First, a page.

Thursday, October 24, 2019

Puget Sound's Autumn Colors are the Best In Years. But Why?

Fall is my favorite season.  

The crispness of the air, the smells, warm apply cider, the return of storms, and the fall colors.

And it seems to me that the colors around Puget Sound this autumn have been the best in years.  Lots of bright yellows and, most importantly, vivid reds (see some samples below).  I admit that this is my subjective evaluation, but people I have talked to agree.

But why have the colors been so good this year?  Is there a meteorological explanation?


Seattle's Japanese Garden on Oct 19th taken by J. Sathish

Since I am not an expert in tree physiology, I checked with an authoritative source:  the U.S. National Arboretum.   Here is what I found.  According the National Arboretum the best fall colors are associated with a  moist growing season followed by a dry autumn period with sunny days and cool, frostless nights.

Late summer and fall drought is bad, since it can trigger an early shutdown of the trees, resulting in premature leaf fall.   The leaves never achieve their full color potential.

Frost is bad, leading to poor fall color and early separation from the trees.

So let's check out this summer, using Seattle Tacoma Airport weather observations.

First, let's examine the temperatures since June 1, with the average highs (purple) and lows (cyan), shown for reference.  We had a warm summer with lots of sun.  Then in September we had chilly mornings but with no frost.   Very good.
Precipitation?  Here is the cumulative precipitation since June 1st with both the observed values (purple line) and normal (cyan).    Summer was very close to normal, allowing us to escape the drought conditions that stress trees and produce early loss of leaves.  And the middle September period was wetter than normal, discouraging early leaf loss and allowing the colors to deepen and intensify.  Then we had a dry, cool, relatively sunny period in early October--just perfect to let the colors get even better.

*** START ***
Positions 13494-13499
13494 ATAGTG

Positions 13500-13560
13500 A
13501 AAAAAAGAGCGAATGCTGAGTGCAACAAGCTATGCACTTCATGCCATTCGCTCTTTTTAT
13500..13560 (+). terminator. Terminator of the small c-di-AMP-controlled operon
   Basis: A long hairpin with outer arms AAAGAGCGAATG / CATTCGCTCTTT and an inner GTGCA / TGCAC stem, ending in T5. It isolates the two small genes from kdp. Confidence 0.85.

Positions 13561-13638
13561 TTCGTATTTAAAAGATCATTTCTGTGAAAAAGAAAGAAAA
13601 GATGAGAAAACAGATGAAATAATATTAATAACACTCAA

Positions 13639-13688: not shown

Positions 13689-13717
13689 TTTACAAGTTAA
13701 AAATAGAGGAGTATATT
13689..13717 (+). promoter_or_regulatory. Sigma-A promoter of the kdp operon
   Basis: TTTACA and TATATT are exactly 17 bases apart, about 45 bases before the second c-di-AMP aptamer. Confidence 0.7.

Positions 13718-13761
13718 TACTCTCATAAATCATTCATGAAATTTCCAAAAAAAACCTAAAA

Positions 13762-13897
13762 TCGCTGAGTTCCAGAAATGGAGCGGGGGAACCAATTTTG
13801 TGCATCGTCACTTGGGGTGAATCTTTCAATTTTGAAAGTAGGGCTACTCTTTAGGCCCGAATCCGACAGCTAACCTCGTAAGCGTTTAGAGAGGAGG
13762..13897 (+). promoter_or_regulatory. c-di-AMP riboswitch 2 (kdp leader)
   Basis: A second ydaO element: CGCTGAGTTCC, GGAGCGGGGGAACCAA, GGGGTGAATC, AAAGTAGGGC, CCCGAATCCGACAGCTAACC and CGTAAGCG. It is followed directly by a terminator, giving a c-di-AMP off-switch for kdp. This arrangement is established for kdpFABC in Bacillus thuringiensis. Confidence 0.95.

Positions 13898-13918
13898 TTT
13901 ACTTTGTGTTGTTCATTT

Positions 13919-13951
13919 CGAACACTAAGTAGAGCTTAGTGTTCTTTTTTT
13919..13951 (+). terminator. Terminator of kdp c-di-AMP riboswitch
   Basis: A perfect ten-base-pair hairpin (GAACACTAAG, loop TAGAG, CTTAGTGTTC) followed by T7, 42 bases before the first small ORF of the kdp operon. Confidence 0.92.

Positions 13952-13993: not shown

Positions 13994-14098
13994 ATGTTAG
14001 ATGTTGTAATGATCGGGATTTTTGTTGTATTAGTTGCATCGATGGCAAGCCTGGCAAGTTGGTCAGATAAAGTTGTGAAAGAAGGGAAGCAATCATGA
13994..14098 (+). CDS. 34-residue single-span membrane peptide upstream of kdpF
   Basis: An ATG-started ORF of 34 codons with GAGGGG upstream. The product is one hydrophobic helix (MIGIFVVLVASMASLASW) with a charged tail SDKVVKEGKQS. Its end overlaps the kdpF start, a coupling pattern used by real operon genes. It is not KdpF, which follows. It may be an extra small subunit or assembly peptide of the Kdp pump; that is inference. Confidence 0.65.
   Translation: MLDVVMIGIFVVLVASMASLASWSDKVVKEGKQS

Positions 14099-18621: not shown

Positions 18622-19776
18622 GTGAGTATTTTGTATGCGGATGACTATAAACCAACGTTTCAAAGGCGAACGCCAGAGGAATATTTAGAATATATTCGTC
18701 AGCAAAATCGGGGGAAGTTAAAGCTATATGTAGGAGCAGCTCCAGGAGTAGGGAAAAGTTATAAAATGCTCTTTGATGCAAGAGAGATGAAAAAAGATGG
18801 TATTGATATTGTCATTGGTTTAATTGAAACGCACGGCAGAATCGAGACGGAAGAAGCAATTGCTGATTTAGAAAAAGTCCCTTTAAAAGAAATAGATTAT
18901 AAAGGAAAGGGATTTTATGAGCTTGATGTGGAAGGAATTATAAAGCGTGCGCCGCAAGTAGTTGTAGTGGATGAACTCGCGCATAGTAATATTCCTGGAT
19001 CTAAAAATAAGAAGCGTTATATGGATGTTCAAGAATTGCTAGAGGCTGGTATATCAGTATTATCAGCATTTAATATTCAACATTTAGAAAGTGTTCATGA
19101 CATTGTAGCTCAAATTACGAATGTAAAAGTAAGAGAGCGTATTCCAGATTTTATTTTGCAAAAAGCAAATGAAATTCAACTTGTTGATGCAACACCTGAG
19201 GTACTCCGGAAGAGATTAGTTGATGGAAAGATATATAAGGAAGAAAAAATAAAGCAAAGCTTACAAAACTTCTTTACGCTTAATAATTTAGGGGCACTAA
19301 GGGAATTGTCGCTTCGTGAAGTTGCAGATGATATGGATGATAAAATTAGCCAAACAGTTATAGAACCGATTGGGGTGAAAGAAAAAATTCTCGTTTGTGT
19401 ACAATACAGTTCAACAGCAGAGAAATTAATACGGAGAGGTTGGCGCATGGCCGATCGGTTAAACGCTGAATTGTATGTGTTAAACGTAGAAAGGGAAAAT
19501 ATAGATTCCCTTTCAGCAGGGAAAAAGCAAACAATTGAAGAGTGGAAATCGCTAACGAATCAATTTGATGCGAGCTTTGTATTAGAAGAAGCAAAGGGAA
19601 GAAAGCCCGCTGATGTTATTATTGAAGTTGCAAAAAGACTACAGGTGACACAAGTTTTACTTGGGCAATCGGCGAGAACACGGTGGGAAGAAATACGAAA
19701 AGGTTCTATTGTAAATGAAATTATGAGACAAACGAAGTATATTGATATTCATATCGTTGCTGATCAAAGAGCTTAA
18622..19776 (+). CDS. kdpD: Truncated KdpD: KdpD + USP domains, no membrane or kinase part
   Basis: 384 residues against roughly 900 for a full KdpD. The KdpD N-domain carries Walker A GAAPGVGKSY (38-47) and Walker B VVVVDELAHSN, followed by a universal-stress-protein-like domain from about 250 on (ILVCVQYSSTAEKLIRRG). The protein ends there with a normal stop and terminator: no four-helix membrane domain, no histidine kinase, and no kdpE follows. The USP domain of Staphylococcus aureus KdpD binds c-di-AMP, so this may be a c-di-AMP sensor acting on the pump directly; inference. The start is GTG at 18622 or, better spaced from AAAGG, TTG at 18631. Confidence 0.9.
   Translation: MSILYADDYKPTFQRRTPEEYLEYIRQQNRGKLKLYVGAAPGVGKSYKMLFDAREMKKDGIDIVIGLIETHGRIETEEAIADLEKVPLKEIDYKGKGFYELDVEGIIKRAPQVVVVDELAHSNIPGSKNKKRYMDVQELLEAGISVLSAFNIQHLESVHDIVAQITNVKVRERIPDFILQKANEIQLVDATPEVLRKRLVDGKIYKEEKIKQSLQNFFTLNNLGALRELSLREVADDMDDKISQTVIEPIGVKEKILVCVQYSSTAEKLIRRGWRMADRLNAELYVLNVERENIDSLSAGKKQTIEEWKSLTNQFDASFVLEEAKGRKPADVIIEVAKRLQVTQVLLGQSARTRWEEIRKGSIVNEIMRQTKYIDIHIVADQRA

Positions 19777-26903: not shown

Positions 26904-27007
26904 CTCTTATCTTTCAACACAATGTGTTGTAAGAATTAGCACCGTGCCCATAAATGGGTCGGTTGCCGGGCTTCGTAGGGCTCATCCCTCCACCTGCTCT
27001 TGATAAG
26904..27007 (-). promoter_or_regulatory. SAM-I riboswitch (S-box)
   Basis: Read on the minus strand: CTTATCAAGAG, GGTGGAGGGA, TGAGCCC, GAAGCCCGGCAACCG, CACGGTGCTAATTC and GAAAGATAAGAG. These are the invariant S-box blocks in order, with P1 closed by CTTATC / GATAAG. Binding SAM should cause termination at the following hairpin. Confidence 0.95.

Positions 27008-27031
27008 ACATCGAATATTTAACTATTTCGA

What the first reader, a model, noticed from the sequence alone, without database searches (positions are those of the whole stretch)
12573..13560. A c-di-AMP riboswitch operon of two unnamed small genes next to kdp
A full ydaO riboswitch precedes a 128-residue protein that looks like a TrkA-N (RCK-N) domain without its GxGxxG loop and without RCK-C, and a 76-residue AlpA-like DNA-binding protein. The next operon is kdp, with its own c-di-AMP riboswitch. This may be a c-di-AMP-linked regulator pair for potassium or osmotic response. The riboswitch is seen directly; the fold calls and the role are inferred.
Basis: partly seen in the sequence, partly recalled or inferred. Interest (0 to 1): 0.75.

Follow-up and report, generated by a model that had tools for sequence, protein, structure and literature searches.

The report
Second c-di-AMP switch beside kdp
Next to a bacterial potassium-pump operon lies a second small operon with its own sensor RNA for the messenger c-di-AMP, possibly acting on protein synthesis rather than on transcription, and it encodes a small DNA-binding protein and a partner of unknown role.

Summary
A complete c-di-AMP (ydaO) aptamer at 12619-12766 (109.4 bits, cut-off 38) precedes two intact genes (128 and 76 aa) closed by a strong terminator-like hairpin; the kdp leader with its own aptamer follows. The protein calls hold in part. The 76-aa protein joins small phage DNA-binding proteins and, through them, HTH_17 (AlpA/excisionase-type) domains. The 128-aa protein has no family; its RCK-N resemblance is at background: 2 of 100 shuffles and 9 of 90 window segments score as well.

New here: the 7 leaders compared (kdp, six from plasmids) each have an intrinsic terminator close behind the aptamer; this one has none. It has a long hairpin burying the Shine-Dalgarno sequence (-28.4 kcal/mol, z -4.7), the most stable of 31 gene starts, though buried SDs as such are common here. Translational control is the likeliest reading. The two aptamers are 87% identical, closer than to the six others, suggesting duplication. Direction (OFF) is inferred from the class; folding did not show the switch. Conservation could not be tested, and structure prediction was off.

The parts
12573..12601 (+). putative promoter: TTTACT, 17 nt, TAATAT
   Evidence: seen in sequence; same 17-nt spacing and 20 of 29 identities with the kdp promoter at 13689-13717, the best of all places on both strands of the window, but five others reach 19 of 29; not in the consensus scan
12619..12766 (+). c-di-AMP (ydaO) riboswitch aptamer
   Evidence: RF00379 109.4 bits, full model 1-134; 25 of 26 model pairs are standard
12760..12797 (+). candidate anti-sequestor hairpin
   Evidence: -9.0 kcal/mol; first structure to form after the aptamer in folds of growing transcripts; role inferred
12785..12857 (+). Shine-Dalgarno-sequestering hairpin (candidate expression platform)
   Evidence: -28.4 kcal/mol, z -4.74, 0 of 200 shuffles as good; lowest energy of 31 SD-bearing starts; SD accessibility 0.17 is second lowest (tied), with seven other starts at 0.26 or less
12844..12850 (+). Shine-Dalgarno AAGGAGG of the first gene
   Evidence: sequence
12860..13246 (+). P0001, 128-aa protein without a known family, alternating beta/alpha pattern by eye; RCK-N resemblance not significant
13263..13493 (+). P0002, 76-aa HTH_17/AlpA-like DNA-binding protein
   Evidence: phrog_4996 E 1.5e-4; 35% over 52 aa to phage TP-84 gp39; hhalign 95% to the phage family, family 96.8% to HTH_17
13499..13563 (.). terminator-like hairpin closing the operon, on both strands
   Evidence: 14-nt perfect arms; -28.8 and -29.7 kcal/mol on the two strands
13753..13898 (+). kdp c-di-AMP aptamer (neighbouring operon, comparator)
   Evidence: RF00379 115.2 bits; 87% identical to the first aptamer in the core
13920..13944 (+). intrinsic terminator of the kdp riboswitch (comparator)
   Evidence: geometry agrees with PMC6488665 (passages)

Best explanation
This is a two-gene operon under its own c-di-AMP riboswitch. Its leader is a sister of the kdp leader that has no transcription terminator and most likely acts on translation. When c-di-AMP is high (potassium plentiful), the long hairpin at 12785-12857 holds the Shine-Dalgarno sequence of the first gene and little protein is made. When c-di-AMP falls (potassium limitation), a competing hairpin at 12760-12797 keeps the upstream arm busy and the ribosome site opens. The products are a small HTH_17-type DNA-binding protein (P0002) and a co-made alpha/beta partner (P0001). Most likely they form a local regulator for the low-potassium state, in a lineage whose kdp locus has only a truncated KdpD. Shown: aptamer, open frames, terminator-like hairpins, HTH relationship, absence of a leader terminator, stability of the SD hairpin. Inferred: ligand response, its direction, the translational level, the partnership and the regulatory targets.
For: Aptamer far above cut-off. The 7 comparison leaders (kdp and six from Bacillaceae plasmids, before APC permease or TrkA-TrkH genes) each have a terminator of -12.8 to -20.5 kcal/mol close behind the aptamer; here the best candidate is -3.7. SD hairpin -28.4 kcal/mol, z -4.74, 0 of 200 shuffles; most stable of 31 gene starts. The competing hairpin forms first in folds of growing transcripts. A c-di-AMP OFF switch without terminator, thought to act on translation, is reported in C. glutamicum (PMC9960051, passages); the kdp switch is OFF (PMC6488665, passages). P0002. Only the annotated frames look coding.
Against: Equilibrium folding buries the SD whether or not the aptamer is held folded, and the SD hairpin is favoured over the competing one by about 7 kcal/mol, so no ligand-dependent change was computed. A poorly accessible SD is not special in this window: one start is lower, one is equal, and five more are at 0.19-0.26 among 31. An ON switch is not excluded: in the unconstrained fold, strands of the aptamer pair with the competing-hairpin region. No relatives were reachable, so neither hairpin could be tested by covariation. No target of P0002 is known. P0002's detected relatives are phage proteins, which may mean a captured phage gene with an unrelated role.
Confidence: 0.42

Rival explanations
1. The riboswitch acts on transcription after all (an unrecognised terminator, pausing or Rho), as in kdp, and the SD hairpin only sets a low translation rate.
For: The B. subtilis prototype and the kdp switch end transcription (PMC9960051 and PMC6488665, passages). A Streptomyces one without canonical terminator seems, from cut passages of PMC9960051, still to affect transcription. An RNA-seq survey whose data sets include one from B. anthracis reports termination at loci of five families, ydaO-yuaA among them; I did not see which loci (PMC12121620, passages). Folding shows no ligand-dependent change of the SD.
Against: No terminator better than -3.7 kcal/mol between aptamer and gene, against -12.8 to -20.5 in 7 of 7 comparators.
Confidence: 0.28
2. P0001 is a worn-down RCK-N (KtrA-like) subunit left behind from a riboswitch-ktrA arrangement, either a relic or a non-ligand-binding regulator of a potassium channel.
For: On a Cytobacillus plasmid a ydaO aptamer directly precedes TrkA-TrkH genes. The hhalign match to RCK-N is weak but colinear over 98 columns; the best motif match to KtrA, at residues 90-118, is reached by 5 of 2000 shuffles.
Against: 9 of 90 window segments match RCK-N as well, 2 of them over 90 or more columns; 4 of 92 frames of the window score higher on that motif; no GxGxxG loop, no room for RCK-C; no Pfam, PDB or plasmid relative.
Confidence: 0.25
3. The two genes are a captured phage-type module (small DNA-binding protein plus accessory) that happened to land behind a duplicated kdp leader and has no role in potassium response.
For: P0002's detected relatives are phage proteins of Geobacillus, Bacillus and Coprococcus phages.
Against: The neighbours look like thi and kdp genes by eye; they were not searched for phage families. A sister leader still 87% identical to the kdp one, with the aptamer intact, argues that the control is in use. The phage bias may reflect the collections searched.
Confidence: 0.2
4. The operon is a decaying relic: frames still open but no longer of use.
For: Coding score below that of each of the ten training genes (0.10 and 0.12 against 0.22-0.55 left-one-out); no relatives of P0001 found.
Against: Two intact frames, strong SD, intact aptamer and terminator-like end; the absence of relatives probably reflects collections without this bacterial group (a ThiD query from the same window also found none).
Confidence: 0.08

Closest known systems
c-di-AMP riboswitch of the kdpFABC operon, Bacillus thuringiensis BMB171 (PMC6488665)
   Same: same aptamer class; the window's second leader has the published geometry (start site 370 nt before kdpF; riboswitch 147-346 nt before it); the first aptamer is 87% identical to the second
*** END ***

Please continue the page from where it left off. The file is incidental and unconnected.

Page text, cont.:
Sunshine?  We had plenty this summer and particularly in late September and the first half of October (but not so much the last few days!).   All good.


Truly excellent weather conditions in all ways to get good color.

Last fall was disappointing with early leaf loss.  Not much reds.  But that made sense.  For example, as shown below, the precipitation was well below normal for the June 1- October 23rd period.  Leaves fell off early, turning a sickly yellow/brown with few reds.


The bottom line:  we had just the right weather this summer/fall to optimize fall colors.

 And it is not too late to enjoy it.  The Burke Gilman trail has splendid yellows, the UW Arboretum has wonderful reds, and great colors are found throughout western Washington.  So try to enjoy them...and then heat up some apple cider and be thankful you live in a place of such great autumn beauty.

Picture courtesy of Caroline Mass

The scene Wednesday morning as yours truly was biking in to work.  Doesn't get much better than this!

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Announcement
I will be giving a talk at 9 AM on Saturday at Portland's Oregon Museum of Science and Industry (OMSI) on the meteorology of the BLOB and westside wildfires.  The meeting is of the Portland Chapter of the American Meteorological Society and is open to all.  More information is here: https://oregonams.wordpress.com/2019/10/21/27th-annual-winter-weather-forecast-conference/



17 comments: